Some stories are shorter to tell than smoking a ciggarette.
Heres one: man calls me sobbing a story. Says hes in a bad way. Cant find her he says. Thinks shes cheating. His wife. Even bought himself a gun. Forty-Five Caliber Six-Shot. So predictable. They pay for power they cant control. Any guesses who youll use it on I asked. Same story. Best buddy from local bars. Grease monkey. Named Evan or Ivan or some damned name. Can you find her? They always assume there is something to find out. Someone worth finding out about. What price theyre willing to put on a worthy person is what I want to know. What I want to know is the amount theyll pay for a person. If she wants nothing to do with him he will pay anything. Any number within or without reason. Still I must ask why does he bother her —and me? And the answers are obvious. Love. Money. What it comes down to mostly for me and most. So I agree.
Two weeks later turns out shes been shacked up in some hellhole hotel off Highway Five with his best buddy and the best bar-buddy blows his brains out in the bathroom for a reason nobody knows because he didnt leave a suicide note and the (ex)wife is catatonic so shes rushed to a hospital with a soft blue blanket around her shoulders and her husband shows up with a manila envelope and hands it over to me, same way as the story goes to him. He gives me his gun, guiltily, sobbing again. I left the hospital lobby a thousand bucks richer. Him poorer, with or without those truths he so wanted. He certainly paid dearly for them. That was the last of the affair. Don’t know if he got her in the end or what end he came to.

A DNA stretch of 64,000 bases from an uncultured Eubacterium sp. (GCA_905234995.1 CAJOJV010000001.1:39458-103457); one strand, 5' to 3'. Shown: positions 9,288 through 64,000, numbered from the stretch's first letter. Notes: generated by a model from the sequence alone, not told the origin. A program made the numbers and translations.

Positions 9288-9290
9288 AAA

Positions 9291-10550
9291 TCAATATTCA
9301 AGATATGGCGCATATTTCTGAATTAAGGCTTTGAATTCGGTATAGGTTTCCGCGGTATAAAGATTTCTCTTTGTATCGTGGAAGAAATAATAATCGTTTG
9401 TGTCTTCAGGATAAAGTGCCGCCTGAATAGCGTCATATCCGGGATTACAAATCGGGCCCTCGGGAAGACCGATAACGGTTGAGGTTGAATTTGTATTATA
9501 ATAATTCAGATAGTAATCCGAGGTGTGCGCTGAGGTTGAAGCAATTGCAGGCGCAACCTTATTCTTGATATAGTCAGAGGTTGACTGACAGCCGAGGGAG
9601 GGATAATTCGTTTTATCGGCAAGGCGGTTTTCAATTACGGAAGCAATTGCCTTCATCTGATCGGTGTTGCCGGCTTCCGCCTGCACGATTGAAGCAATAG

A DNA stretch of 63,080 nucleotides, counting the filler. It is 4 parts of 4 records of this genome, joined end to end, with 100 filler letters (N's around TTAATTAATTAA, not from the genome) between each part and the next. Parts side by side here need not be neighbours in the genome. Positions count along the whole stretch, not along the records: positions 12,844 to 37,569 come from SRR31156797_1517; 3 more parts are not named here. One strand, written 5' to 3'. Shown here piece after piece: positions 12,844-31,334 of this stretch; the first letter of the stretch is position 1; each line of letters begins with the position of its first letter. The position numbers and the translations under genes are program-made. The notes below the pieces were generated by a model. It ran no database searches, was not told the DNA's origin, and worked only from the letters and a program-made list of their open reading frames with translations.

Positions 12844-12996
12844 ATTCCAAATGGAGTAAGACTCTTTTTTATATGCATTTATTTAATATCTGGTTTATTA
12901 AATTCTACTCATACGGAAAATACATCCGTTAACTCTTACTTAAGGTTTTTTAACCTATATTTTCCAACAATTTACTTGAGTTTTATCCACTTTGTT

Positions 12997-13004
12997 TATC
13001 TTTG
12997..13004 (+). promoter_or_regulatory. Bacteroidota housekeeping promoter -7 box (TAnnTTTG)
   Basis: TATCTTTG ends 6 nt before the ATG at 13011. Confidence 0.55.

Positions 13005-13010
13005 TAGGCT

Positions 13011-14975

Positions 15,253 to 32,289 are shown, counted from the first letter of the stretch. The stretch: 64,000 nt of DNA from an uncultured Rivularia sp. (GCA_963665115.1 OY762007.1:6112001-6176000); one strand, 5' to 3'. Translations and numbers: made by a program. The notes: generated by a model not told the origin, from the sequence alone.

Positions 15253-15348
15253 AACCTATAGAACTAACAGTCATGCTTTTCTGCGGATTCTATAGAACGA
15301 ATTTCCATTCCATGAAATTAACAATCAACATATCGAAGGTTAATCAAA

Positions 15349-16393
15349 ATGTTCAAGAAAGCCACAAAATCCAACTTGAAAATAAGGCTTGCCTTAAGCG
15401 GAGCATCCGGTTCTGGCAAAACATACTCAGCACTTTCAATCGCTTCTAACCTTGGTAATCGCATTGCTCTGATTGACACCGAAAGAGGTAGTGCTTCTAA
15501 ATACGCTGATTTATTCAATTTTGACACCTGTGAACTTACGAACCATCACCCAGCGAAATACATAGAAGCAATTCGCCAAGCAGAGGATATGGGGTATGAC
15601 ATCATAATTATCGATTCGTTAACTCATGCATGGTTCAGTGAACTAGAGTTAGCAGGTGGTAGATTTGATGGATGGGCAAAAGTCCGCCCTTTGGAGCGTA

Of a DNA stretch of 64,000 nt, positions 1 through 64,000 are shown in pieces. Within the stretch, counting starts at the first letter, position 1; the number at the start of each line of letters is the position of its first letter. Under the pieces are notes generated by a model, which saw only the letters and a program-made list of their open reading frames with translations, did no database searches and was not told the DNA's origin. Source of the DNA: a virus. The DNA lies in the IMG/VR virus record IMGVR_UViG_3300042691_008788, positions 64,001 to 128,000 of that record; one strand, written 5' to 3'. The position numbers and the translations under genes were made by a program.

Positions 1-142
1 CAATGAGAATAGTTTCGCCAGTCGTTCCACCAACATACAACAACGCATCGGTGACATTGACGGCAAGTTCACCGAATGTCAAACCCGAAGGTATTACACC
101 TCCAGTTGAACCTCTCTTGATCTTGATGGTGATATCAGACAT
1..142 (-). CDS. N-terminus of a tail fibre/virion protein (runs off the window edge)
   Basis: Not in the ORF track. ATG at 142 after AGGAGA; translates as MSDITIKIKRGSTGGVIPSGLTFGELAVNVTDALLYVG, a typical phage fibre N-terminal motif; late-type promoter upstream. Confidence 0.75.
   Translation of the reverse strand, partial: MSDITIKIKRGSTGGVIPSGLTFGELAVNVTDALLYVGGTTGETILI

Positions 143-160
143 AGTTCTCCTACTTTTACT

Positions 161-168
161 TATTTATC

Seems the old stories were of more interest. The last generations. Embellished, sure. Each private investigator tells their story as if it were a grecian tragedy. With few truths to tell, insofar as there are any truths told at all.
Thats what got me into the business. Half-true stories. Stories ranging from gangs busted up and brought to court to the Shine-addict kids who bought from them then went mad. So some folks said. Where to place blame. Figuring fictional truths from fact fascinated me. Like a game.
Sometimes I got luck with stories like that. Slipped inside a story and added my name. Afterwards I whiteout where all my name was. Subtract myself from the story as easily as I entered into it. As a shadowing spy is the private-eye. Sometimes you see yourself in the story, but as at a birds-eye-view. You hover above. We private detectives call it dissociation. Because you can’t keep any association with criminal worlds for long. And if you do, you lose some of your selves. Thats true.
But other times you enter into stories you dont belong. Stories set before you begin to write yourself into them. Stories that change your character from the get-go. When that happens you dont get any easy entry. When that happens there arent any easy exits either. Inescapable lies.